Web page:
It has been determined by extensive testing that diatomaceous earth in any particle size range is completely unsatisfactory as a filler material at any filler loading in the range of 130% because it shrinks badly, wears badly, and, in the form of the cured gel coating, does not separate from the concrete.

Colloidal silica as the filler in vents separation of the cured concrete from the mold form; e.g., in the form of the cured gel coating, the Graham et al. composition of US. Patent No. 3,124,626 used as the facing in the waffle pan construction of FIG. 1 herein could not be separated from the cured concrete in the presence of the mold release agents without the aid of air hammers and pressures of 200-300 pounds p.s.i. against the mold.

During the curing of concrete, heat is generally evolved as a result of chemical reaction. Tests carried out by the inventor were conducted at F. to duplicate the temperature conditions encountered during the actual hardening of the concrete foundation 20 which is shown in FIG. 2. Under these heating conditions, the cured gel facing empolying the fibrous talc filler at 30% loading of the present preferred example showed a water pickup of about 0.8% under test conditions in which the molds were wiped dry before weighing.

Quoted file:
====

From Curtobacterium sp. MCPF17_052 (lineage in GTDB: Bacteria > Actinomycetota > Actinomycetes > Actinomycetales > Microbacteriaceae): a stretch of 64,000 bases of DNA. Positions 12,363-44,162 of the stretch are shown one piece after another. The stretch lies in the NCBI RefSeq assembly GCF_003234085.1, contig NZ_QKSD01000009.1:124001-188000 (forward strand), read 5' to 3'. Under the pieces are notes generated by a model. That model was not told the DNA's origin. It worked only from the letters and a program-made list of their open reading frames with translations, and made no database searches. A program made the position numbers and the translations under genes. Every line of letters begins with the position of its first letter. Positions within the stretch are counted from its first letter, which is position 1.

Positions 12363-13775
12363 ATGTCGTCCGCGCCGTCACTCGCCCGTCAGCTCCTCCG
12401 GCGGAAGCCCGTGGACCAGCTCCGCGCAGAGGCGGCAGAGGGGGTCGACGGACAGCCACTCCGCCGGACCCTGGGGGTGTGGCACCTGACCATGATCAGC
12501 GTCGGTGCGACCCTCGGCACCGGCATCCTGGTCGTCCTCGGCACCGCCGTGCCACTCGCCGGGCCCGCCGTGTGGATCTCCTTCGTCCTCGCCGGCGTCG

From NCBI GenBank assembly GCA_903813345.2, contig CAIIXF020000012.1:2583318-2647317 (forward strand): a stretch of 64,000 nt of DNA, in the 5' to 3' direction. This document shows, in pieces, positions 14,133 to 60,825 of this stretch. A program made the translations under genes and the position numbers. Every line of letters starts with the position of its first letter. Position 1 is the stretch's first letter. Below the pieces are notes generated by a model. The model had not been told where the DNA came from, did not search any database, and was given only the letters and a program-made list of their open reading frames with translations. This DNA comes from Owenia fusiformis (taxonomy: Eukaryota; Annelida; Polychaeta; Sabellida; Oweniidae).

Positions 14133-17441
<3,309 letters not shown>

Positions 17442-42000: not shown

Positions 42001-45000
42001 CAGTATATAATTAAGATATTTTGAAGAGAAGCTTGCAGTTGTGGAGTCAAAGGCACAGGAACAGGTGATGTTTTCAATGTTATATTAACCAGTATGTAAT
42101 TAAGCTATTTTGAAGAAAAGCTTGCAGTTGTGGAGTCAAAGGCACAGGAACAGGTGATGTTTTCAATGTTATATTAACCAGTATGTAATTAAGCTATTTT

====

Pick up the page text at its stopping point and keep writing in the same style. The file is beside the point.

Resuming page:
Test pieces 1" x 1" x A" were coated with a A layer of gel facing. Some were immersed in kerosene for 6 hours at 150 F. to ascertain immunity from attack by hydrocarbon mold release agent. Others were immersed in a dispersion of 40% stearic acid in kerosene which the gel coating also prewas maintained at 150 F. for six hours. Others were immersed in water at 150 F. for twenty-four hours. A comparison was run with test pieces of identical size and base which were coated with Cab-O-Sil at loading.

All samples were dried in an oven at 150 F. for 24 hours and then weighed.

The test squares embodying the facing coating of the present invention lost 0.3% by weight as a result of the kerosene treatment. The weight loss was the same as a result of the stearic acid-kerosene treatment. The water treated squares showed a weight gain of 0.8%.

The test squares coated with the Cab-O-Sil coating lost 0.3% by weight as a result of the kerosene immersion and also as a result of the stearic acid-kerosene treatment. The water treated Cab-O-Sil coated squares gained 0.5% by weight.

The other major distinction which was immediately noticed in the talc filled squares of the present invention was the development of a whitened or chalked surface on these squares which had been immersed in water. The Cab-O-Si coated test squares which had been immersed in water showed no chalking whatsoever.

Additional tests were run to determine the rate of water pickup and it was found that only 0.4% (one-half of the total) moisture pickup occurred at 150 F. during the first 6 hours of total immersion. Not until 24 hours of immersion had elapsed, was the water pickup of 0.8% achieved. After 135 hours at 150 F., the water pickup was 1.5%.